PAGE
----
2 degraded read/write No Impact
1 degraded read only New VMs or vMotioned VMs will have networking issues
0 headless(-chicken) New VMs or vMotioned VMs will have networking issues

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Horizon View: Java.lang.IllegalArgumentException: Invalid paramaters during Cluster selection

I observed this in my homelab while multiple nested ESXi were not available. If you create a Desktop Pool in Horizon 7 (and I guess earlier as well) the following meaningful error might show up during the select of a host or cluster resource:

java.lang.IllegalArgumentException: Invalid paramaters during Cluster selection

Going through the Connection Server log files I figured out the java exception is called when the vCenter is crawled for all available Hosts and Clusters.

The routine is crashing when it hits an disconnected or not-responding ESXi host within the inventory.

Make sure every ESXi host is in a connected state.

ESXi hosts within some maintenance can really steal the show right here.

Make sure to get rid of this ESXi host by fixing the host or removing the host from the inventory. Please be aware of that a remove will also affect the your distributed switch.

vSphere 6.5: Virtual Disk / VMDK Hot-extend beyond or equal to 2TB is NOW supported

When vSphere 6.5 was announced I was quite impressed about the features. Gathering more and more hands-on experience so far I am more than happy with it.

One of the new features that can have a real operational benefit hasn’t been documented so far that often (or at least I haven’t seen it anywhere).

Before vSphere 6.5 it was impossible to increase the VMDK size of a DISK that was larger than 2TB when the Virtual Machine was powered on. That was a fact that not many organizations were aware of it until they stumbled upon it.

From an architectural point of view there shouldn’t be many use cases where such a large disk layout would be the best practice. But from an operational point of view for many of my customers this has been a bigger issue.

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VMware User Environment Manager #UEM: Predefined settings – Dynamic Placeholder

I created several blog posts about the Predefined settings so far that hopefully gave you some understanding about the basic and advanced concepts.

In the following I want to show you a little bit about a feature not all of us know:

The opportunity to create dynamic predefined settings with the help of Environment variables and placeholders.

Placeholders within UEM’s predefined settings.

Within the predefined settings you are able to define variables that will be dynamically set during the runtime.

How can we do that you ask? Just use the the following placeholder within your default/predefined settings (Case sensitive):

[Flex#%environment variables%]

The following example should show you how we can use this functionality to deliver a flexibel dynamic and context-based environment for the user (that almost sounds like marketing once again).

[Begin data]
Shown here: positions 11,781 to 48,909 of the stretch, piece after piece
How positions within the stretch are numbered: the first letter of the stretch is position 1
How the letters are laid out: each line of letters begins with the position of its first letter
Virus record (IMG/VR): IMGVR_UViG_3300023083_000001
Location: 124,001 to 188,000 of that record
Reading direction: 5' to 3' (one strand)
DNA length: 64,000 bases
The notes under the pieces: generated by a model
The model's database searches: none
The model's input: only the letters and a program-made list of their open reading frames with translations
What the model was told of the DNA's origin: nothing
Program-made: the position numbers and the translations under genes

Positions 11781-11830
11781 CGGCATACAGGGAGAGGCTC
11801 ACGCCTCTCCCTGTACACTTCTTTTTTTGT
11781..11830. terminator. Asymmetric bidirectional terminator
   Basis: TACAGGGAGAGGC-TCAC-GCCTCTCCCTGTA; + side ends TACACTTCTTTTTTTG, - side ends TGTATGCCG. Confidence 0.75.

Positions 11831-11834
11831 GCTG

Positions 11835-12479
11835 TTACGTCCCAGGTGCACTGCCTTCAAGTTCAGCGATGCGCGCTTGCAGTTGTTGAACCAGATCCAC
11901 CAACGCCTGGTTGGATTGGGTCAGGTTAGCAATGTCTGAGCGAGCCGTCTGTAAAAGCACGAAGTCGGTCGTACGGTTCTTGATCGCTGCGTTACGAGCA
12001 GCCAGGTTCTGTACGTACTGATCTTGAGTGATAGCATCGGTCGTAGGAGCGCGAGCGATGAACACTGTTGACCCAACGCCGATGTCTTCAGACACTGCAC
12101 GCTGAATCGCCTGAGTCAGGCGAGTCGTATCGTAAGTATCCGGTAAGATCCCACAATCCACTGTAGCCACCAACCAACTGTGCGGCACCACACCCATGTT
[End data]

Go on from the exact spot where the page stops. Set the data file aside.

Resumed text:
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VMware User Environment Manager #UEM: Predefined settings – Deep how-to (Internet Explorer)

In on of my last posts I have explained what the basic concept of VMware’s User Environment Manager (UEM) is and how we can use it to pre-configure or enforce specific settings of applications in our Desktop environment.

In the following I am going to dig a little bit deeper and show you how those concepts get configured and can be used in the world of UEM.

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Create Default Settings with the Application Profiler

Once we have installed the Application Profiler we are able to create config files for UEM that explain which portion of the filesystem/registry is a part of the application’s user data.

The process is quiet simple. Start the Application Profiler, start the application from within and configure the relevant settings you want to enforce or have as a default configuration.

application

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VMware User Environment Manager #UEM: Predefined settings (Basic concepts)

The power within User Environment Manager (UEM) aligns with its ability of being able to create a managed personalized environment for the end-user (even/especially in a floating environment where no one has a dedicated virtual desktop).

One great feature to increase the productivity of the user is been implemented by having multiple and different pre-defined settings applied to a Window setting or application based on certain conditions.

### Check my further readings ########################

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In the following I am going to document how what does different pre-defined settings mean.

I am assuming you already have the UEM infrastructure installed and configured. If that’s not the case, check out this post.

What are pre-defined settings

I remembering getting on-boarded at a financial provider somewhen in the 90’s (oh boy..I am getting old). Receiving AD-Accounts, Lotus Notes-Account, several other access data and a big document how to setup those applications. 5 hours later I was quiet ready to start doing my tasks.